Today Germany was questioned by parties at the Multilateral Assessment on its progress towards emission targets. In its written answers, as well as in announcements from the government, Germany admits that it will miss the 2020 target, by as much as 8%! Their plans for moving forward? Giving up. Not even the urgent warnings from the IPCC this year could make Germany change its mind and get moving on pre-2020 action at home!
The 40% target was committed TEN, count them, TEN. YEARS. AGO. Unfortunately, German governments since that time have not taken bold steps to reduce coal power plants and transport emissions. While Germany DID install a lot of wind turbines and solar panels, it DID NOT reduce its fleet of old and dirty coal power plants that are running day and night. This led not only to an ever growing surplus in electricity (10% of Germany’s electricity production is exported) but is also the reason why Germany’s greenhouse gas emissions haven’t decreased for nine years. During these many many years, coal companies in Germany have continued to burn coal, destroy villages by enlarging lignite pits and polluting the environment. The government is now facing legal cases for not reaching its 2020 target, which have been raised by affected people and supported by NGOs.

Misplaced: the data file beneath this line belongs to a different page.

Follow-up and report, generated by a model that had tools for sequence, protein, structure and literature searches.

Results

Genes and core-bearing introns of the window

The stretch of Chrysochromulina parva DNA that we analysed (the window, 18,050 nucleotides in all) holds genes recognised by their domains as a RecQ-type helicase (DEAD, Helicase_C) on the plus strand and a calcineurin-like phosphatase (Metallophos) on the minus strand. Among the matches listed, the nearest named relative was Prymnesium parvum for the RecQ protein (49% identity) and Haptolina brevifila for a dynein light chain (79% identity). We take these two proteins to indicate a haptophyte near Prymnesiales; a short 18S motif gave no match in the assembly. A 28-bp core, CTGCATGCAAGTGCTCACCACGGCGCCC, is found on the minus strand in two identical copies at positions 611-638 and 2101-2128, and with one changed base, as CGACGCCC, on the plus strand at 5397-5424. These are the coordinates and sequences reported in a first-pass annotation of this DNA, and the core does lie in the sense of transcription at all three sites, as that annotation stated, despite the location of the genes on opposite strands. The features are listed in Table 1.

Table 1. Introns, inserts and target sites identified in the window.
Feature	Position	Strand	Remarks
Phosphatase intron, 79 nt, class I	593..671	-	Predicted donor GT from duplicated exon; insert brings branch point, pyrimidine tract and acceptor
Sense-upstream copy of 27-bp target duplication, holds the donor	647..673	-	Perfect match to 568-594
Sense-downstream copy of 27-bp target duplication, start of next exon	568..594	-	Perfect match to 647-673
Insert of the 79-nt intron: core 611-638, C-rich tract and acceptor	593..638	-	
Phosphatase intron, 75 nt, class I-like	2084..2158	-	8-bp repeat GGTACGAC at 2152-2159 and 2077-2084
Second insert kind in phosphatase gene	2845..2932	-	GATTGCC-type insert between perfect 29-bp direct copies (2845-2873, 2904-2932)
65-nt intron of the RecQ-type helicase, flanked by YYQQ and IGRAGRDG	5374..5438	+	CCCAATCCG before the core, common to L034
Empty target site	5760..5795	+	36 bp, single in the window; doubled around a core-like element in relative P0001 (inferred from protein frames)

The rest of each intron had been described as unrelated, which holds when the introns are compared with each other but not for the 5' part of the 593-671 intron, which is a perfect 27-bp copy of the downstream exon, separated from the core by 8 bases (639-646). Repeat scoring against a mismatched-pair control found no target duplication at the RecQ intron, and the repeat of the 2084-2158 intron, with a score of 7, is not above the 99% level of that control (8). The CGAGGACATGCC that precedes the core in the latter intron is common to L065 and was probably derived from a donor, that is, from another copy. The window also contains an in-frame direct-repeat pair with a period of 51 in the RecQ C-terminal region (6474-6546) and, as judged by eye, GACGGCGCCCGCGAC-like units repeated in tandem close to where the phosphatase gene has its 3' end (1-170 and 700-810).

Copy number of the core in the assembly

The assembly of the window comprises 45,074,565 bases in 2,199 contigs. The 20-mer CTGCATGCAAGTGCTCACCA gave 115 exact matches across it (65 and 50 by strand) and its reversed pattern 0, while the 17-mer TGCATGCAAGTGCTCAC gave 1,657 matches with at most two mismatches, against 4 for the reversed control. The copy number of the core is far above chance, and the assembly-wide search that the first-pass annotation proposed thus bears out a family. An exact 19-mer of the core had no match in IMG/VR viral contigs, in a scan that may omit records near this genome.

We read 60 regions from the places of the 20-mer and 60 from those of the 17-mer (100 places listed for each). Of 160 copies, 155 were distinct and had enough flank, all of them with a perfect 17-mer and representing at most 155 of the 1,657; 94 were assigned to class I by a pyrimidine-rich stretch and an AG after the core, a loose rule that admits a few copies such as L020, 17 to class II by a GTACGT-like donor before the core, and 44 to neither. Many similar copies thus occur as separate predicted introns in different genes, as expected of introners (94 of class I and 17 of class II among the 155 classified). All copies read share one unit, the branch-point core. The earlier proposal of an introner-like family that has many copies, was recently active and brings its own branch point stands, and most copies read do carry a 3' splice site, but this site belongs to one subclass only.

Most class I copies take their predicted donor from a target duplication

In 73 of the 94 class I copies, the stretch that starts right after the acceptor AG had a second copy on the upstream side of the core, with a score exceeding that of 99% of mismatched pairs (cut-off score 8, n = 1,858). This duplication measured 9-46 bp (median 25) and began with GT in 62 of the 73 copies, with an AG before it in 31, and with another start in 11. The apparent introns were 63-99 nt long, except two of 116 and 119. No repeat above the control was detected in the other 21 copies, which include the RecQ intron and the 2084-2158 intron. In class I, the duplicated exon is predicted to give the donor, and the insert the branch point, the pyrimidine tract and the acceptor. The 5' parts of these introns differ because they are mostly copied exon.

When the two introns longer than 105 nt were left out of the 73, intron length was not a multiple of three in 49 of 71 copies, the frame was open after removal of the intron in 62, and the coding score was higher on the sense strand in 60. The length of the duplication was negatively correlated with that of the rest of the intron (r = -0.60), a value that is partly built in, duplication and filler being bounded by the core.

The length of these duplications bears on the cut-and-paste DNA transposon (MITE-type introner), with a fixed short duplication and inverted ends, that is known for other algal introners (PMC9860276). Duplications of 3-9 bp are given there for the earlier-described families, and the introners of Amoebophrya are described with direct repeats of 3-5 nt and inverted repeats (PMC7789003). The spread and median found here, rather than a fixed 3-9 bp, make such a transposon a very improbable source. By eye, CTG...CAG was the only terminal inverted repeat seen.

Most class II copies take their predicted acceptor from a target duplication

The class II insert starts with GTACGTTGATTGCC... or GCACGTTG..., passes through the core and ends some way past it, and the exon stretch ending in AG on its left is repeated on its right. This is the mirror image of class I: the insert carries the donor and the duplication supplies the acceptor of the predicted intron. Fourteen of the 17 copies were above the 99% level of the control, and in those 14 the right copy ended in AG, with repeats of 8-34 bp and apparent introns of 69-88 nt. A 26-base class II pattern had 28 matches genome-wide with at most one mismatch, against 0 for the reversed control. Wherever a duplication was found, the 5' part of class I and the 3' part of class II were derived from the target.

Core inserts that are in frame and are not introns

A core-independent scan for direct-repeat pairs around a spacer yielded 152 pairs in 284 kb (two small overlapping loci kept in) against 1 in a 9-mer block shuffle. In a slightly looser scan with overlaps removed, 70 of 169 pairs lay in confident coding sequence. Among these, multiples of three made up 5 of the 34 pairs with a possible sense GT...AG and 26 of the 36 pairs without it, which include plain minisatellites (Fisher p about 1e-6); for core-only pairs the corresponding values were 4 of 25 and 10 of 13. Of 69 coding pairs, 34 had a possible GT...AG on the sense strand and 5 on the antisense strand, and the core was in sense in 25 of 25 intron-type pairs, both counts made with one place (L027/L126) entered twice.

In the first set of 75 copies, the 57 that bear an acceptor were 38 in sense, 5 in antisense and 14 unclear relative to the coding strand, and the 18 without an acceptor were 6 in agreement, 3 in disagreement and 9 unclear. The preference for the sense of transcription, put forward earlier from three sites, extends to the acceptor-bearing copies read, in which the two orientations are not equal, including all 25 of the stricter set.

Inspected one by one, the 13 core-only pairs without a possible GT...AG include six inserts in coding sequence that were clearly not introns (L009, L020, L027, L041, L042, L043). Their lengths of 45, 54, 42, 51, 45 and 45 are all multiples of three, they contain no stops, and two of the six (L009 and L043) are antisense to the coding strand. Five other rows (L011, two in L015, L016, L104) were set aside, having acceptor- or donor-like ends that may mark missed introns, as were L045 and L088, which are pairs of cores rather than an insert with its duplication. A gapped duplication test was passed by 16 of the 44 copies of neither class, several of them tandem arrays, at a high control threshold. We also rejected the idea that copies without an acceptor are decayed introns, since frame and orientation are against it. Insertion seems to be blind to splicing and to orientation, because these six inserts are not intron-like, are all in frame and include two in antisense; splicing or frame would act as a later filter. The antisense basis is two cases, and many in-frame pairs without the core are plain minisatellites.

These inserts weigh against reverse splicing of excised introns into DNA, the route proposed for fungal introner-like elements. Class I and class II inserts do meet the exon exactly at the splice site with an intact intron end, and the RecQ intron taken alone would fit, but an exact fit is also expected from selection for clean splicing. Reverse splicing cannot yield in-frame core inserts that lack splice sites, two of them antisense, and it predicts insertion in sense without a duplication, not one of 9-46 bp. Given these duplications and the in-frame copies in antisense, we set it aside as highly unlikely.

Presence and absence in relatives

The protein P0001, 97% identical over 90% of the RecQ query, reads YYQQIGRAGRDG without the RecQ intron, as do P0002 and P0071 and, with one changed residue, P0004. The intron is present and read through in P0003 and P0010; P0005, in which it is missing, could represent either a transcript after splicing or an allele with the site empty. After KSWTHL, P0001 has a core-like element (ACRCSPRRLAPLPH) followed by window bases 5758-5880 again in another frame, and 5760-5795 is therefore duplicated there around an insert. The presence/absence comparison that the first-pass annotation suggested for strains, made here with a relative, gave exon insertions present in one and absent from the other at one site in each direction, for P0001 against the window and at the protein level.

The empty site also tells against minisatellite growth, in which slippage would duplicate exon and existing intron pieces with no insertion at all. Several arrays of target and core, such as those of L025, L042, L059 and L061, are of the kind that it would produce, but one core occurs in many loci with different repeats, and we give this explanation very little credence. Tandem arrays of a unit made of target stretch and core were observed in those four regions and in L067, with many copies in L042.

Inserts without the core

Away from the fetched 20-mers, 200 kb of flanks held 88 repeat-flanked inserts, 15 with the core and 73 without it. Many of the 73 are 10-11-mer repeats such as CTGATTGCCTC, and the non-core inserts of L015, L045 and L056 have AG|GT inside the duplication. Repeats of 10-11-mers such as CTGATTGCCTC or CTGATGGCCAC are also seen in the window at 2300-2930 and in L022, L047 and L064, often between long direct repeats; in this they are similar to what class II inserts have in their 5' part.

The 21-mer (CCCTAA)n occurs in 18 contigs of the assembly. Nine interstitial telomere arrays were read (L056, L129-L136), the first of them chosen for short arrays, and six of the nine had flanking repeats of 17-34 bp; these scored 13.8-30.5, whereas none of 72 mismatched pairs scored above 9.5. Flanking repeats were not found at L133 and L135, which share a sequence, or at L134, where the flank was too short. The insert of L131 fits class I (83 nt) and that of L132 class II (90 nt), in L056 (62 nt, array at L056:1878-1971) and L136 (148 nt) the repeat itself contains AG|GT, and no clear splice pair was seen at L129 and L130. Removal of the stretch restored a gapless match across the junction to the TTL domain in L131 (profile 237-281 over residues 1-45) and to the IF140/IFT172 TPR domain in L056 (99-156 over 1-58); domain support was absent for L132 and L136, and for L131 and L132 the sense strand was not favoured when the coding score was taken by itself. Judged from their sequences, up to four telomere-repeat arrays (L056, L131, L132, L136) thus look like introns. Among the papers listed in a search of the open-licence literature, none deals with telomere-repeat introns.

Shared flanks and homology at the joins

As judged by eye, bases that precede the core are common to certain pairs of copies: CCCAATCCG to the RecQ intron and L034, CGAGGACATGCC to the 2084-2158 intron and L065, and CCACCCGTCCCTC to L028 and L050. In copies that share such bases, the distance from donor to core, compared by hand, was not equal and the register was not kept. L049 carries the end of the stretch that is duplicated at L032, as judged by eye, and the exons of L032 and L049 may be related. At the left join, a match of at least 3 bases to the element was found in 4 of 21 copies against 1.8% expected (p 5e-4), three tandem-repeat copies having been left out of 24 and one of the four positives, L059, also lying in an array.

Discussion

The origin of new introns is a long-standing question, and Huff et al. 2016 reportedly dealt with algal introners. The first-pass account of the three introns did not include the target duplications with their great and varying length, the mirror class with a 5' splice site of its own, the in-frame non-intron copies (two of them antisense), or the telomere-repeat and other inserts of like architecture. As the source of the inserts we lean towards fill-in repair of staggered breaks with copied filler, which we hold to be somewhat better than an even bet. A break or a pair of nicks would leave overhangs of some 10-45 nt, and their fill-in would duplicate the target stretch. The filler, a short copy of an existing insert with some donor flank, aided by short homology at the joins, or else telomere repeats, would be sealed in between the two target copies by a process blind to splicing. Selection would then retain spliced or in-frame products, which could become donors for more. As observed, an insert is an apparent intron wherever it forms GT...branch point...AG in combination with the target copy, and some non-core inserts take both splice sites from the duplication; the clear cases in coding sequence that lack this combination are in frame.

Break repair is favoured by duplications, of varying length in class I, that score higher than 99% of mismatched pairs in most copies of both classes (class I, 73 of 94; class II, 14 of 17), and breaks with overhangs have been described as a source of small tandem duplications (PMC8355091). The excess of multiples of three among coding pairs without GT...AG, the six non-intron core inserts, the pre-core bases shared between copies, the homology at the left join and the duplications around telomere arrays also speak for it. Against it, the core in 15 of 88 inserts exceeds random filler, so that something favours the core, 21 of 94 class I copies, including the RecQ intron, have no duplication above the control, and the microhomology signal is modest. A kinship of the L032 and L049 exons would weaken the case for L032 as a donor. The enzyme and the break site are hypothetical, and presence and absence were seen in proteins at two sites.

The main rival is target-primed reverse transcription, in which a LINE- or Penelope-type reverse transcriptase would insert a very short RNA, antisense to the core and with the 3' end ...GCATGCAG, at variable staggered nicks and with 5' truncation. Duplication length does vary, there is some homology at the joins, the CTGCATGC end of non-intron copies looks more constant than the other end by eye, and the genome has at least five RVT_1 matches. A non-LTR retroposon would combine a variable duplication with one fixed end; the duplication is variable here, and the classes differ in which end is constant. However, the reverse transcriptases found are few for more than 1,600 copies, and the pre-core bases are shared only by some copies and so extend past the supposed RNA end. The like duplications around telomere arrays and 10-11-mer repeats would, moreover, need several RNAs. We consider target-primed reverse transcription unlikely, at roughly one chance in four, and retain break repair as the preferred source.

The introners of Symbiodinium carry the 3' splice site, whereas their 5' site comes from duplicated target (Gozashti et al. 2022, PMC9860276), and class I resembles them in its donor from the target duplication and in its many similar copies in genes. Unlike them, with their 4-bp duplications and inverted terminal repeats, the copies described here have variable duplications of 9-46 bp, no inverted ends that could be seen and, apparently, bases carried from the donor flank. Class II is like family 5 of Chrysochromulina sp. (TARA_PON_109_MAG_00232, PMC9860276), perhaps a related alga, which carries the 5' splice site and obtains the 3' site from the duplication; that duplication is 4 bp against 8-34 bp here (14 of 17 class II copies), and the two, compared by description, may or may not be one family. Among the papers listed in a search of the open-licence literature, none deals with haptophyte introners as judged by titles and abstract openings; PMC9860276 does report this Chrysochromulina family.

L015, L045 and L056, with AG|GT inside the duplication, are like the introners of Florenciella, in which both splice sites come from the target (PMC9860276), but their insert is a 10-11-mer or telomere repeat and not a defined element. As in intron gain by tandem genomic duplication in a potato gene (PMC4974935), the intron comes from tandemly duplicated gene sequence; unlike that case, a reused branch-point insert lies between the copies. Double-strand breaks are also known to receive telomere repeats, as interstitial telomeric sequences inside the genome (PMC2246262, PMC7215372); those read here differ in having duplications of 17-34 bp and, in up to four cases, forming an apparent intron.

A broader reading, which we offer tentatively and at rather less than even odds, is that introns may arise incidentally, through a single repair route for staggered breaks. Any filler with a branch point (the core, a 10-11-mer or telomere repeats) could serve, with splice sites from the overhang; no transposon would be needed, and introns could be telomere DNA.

ONE year ago, at COP 23 in Bonn, chancellor Merkel announced that Germany would address a phase-out of coal, but here we are one year later, and not one single concrete measure has been taken! Wondering if that was all for show? Well, instead, in an amazing display of inaction, the government installed a Commission to make proposals for a coal phase-out and on how to deal with the 2020 target. Wow. So incredibly helpful!
The report on the 2020 target was due before COP 24, but conveniently, shortly before the COP it was delayed by the government to next year. Shocker. Germany is here with essentially nothing to offer emission reductions at home.
If Germany, as the biggest European economy does not act, the entirety of EU ambition is at stake. Given the failure in CO2 reduction, Germany is unwilling to accept a higher EU 2030 target. The same is true for the net zero target for 2050 for the EU that the EU Commission presented as its preferred option in a communication last week. While countries like France, Italy, Netherlands, Sweden and others are welcoming net zero in 2050, Germany remains silent and is also not opposing further subsidies for coal power plants in Europe in form of capacity payments. Get a move on Germany! Those targets will only get farther away – stop playing games and wasting the planet’s precious time!
About CAN: The Climate Action Network (CAN) is a worldwide network of over 1300 Non-Governmental Organizations (NGOs) in more than 120 working to promote government and individual action to limit human induced climate change to ecologically sustainable levels. www.climatenetwork.org
About Fossil: The Fossil of the Day awards were first presented at the climate talks in 1999, in Bonn, initiated by the German NGO Forum. During United Nations climate change negotiations (www.unfccc.int), members of the Climate Action Network (CAN), vote for countries judged to have done their 'best' to block progress in the negotiations or in the implementation of the Paris Agreement.